Monday, June 15, 2009
The Rape of the Nile
Brian M. Fagan
Charles Scribner's Sons
It has taken me a while to get to this book the last year I have been "showered" with books having to select from too many possibilities. That loss of time was truly a loss when I began to read this book by author Brian M. Fagan.
The Rape of the Nile is strong in its descriptive of Egyptian history including the often ignored histories that run from the Roman era to the 17th century A.D., I was hooked right from the start!
The Napoleonic episode, as well as the stories of Henry Salt and Bernardino Drovetti, however, were covered more lightly than I would have preferred. Both men but particularly Mr. Drovetti made important discoveries which were completely unspoken about.
Unfortunately, the next 150+ pages of this book 0f 371 pages were about Giovanni Belzoni which as interesting as the man was I have already read his book and often during that 150 pages I felt I was reading Mr. Belzoni's "Narratives and Operations" instead of this 1975 book.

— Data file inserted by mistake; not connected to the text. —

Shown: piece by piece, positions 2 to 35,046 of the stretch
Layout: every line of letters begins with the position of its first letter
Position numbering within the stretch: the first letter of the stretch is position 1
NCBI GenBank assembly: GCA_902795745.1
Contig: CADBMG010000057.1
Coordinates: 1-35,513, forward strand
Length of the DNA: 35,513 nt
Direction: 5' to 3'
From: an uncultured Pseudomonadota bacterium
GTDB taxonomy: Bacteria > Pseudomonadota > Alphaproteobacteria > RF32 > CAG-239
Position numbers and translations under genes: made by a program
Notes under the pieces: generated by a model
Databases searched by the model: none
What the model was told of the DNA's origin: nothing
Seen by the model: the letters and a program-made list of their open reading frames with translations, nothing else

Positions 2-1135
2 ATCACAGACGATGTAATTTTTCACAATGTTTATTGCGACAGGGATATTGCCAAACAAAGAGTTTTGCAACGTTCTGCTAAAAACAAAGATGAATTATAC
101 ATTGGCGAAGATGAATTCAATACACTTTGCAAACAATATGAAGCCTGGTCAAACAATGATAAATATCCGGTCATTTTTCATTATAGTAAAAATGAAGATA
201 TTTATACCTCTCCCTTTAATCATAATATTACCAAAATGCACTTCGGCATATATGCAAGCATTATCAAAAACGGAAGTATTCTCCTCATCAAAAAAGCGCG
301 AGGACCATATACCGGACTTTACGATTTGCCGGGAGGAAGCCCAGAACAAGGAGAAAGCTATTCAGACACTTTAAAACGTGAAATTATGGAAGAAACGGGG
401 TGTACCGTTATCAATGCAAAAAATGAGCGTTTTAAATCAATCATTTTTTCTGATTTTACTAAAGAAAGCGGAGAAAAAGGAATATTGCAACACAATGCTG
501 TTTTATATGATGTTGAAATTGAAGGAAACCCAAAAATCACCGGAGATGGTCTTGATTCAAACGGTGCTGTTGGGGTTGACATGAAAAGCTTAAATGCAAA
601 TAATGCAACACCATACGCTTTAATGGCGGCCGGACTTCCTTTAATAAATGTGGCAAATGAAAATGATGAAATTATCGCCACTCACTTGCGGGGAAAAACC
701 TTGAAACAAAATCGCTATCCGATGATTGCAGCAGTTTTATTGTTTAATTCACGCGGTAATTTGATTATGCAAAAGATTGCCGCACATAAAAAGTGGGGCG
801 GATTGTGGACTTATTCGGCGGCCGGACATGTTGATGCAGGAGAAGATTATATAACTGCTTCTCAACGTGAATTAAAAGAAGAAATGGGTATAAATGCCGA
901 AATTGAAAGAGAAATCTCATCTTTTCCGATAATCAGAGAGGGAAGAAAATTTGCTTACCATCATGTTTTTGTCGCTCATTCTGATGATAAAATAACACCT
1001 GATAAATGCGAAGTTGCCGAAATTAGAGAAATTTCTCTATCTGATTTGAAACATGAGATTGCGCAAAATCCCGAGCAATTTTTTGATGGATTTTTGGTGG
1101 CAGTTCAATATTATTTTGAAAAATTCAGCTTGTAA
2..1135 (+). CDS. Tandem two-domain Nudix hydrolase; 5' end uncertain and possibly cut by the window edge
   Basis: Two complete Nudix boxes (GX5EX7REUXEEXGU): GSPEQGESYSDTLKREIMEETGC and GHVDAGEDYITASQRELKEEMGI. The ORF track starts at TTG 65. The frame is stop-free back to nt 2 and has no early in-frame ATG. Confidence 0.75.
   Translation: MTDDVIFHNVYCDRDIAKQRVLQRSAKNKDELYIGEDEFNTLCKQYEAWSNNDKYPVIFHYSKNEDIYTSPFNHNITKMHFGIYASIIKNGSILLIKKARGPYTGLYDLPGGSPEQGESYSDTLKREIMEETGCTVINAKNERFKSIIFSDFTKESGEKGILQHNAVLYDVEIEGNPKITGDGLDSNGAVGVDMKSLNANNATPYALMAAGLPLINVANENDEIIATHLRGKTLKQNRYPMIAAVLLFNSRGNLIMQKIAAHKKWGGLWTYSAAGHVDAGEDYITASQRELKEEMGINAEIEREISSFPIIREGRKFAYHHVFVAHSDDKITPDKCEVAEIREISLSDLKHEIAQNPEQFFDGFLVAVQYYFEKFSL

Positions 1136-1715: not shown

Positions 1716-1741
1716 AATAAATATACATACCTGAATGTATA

Once Belzoni passed the book became original again with a rundown of the many explorers who followed including Champollion, Mariette and the great discoveries including some interesting details on the finding of the Serapeum and the discovery of the royal mummies. The author chooses his words well as the Rape of the Nile at the end of the nineteenth century turns finally into the science of Egyptology.
Author Brian Fagan presented the history of plunder to science with reasonable language choosing to finish his work with the hot topic of the prohibition of ancient artifacts. Though I do not believe as anyone knows who reads my site in prohibition but I will say that The Rape of the Nile was a good read.